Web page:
Ancient Greece, Modern Italy: Violent Parallels
Alessandro Barbero is a historian and the author of several major history books. He also writes fiction, winning the Strega Prize in 1996, and then setting his second novel – which has strong echoes of Alessandro Manzoni’s classic novel, The Betrothed (Simon & Brown, 2016) – in sixteenth-century Venice.1 The Athenian Women (Europa Editions, 2018) explores the raw underside of politics and society in ancient Greece, inspired by parallels with modern Italy and undoubtedly other societies, too. Here, the literary premise is a play: Aristophanes’ Lysistrata. As the men of Athens gather in the theatre and are alternately incensed and faintly amused by Aristophanes’ daring play, staged in 411BC, a violent assault is taking place only a short distance outside the city: on stage, the actors dressed as women seize power and devise a provocative means to end the war with Sparta; in real life, a trio of elite young men hold two young girls prisoner and subject them to a horrific ordeal.
What drew the author to the period of the Peloponnesian Wars, I asked, and to Aristophanes? Barbero told me that, having been a teenager when he discovered Aristophanes and the historian Thucydides, the former remains his favourite classical author. “However, I’d never have set a novel in that period, if I had not read Luciano Canfora’s Il mondo di Atene (The Athenian World, 2011), which made me realise that the fragility of Athenian democracy, the gulf of hatred between rich and poor, and the ease with which political tension could degrade into terrorism closely resembled the political situation of Italy while I was growing up, in the Seventies.”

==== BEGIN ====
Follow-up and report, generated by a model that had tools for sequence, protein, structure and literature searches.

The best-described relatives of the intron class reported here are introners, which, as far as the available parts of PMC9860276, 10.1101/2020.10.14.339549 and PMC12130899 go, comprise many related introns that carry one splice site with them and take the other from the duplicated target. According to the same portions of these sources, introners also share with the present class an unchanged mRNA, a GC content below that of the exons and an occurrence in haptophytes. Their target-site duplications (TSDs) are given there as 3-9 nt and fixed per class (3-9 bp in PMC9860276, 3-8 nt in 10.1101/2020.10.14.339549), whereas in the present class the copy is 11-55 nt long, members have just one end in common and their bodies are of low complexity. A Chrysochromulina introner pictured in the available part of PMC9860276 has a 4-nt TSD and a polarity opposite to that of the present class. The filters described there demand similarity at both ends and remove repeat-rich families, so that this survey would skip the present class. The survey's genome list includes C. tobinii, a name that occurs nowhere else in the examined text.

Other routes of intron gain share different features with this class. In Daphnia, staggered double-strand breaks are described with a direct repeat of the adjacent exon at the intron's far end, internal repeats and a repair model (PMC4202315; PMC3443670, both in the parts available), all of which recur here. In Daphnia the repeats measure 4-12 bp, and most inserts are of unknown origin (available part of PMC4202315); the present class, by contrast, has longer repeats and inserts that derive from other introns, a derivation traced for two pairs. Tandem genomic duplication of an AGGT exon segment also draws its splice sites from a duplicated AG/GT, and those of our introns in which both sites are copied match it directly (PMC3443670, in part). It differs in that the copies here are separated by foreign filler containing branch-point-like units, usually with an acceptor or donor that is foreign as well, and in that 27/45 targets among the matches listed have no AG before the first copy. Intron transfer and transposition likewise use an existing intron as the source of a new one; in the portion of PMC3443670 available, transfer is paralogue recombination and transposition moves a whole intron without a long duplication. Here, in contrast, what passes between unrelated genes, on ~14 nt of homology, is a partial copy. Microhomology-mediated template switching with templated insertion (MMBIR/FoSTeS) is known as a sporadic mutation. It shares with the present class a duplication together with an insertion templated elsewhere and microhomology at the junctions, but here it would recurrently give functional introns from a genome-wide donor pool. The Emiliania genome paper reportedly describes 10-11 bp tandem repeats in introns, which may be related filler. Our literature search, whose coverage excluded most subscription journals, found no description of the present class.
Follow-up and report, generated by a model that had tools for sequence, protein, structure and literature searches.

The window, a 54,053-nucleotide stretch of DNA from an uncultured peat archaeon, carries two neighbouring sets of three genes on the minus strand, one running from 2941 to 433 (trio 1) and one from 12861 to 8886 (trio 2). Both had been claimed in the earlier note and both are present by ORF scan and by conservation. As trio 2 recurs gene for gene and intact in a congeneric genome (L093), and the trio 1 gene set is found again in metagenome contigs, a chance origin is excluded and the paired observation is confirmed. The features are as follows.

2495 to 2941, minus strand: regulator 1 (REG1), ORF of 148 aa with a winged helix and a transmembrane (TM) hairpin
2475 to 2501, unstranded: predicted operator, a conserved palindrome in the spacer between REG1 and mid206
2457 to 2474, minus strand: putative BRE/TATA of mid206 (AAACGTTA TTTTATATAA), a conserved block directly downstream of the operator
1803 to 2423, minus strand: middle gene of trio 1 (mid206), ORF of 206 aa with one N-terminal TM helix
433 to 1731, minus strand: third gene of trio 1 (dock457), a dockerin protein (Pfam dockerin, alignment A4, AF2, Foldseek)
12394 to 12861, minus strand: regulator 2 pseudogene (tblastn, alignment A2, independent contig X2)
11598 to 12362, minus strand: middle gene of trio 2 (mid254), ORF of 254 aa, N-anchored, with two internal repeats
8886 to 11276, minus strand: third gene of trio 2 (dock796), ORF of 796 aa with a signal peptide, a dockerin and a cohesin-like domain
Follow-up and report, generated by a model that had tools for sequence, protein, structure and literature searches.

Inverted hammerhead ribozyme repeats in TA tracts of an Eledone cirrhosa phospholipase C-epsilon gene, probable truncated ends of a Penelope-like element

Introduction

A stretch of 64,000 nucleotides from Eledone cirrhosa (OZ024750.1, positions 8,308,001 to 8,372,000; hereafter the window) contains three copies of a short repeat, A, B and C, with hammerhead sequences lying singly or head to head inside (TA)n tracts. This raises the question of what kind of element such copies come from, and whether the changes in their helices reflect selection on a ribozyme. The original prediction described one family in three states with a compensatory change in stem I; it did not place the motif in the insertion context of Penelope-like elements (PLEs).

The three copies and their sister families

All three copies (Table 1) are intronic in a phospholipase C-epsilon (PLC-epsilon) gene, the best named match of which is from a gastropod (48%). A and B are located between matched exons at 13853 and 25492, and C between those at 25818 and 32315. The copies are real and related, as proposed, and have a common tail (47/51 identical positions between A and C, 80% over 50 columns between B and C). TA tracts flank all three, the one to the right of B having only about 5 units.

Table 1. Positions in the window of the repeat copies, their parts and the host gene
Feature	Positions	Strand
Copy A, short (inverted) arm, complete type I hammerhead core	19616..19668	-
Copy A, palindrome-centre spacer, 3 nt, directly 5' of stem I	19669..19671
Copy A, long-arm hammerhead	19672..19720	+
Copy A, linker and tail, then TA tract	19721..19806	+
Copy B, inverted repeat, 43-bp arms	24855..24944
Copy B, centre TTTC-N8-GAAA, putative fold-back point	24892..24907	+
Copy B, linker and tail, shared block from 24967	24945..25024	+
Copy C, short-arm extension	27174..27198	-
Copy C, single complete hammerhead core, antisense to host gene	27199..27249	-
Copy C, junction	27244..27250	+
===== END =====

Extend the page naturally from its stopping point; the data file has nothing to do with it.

Italy experienced a period of violent political and social turmoil during the so-called “Years of Lead” (Anni di piombo). Privilege and abuse were often closely intertwined. A horrific episode of sexual violence, which has never been forgotten in Italy, was the gang rape known as the Circeo massacre that took place outside Rome in 1975. As Barbero stressed, “The idea for the novel took shape when I realised that a crime of this nature could easily have occurred in the political climate of fifth-century Athens.”
Even though Athens invented democracy (the aged Pericles is among the audience watching Lysistrata), its population needed to be constantly on their guard against the rich oligarchs who plotted to impose their rule by sowing terror. Glicera and Charis, two naïve but resourceful daughters of humble farmers, are tempted to visit a rich neighbour’s son, Cimone, in his father’s country house. Their reception has been carefully planned and even the house slaves have been sent to the festivities in the city. The events that ensue are directly inspired by the Circeo massacre.
The narratives of the female slaves offer another point of view on this society: particularly that of Andromache (the name given to her after she was captured during the war against Sparta). I suggested to Barbero that her story might merit a sequel, but he replied: “I like writing about different things, so I would never continue a story.”
The structure of the novel carefully interweaves the performance of the comedy with the assault on the girls, the humour of the first contrasting the horror of the second. Yet very little is known in fact about the performance of Greek comedy. As Barbero highlights, “This is one of those areas where the historical novel is particularly appropriate as a means of re-creating the past: given that our knowledge is so limited, it is entirely justified – and stimulating – to fill the gaps using the novelist’s imagination.”
After sixteenth-century Venice and the classical world, I was intrigued to hear about the setting for Barbero’s next novel. Clearly, it would be different. “For some time,” he replied, “I’ve been tempted by the idea of writing a novel set in New York around September 11, 2001, but I don’t know whether I’ll ever actually want to write it.”
1. Alessandro Barbero, Master Pyle’s Bella Vita and Other People’s Wars, 1995, was awarded the 1996 Strega Prize for Fiction; The Eyes of Venice, trans. Gregory Conti, 2012. The Athenian Women is translated by Anthony Shugaar.
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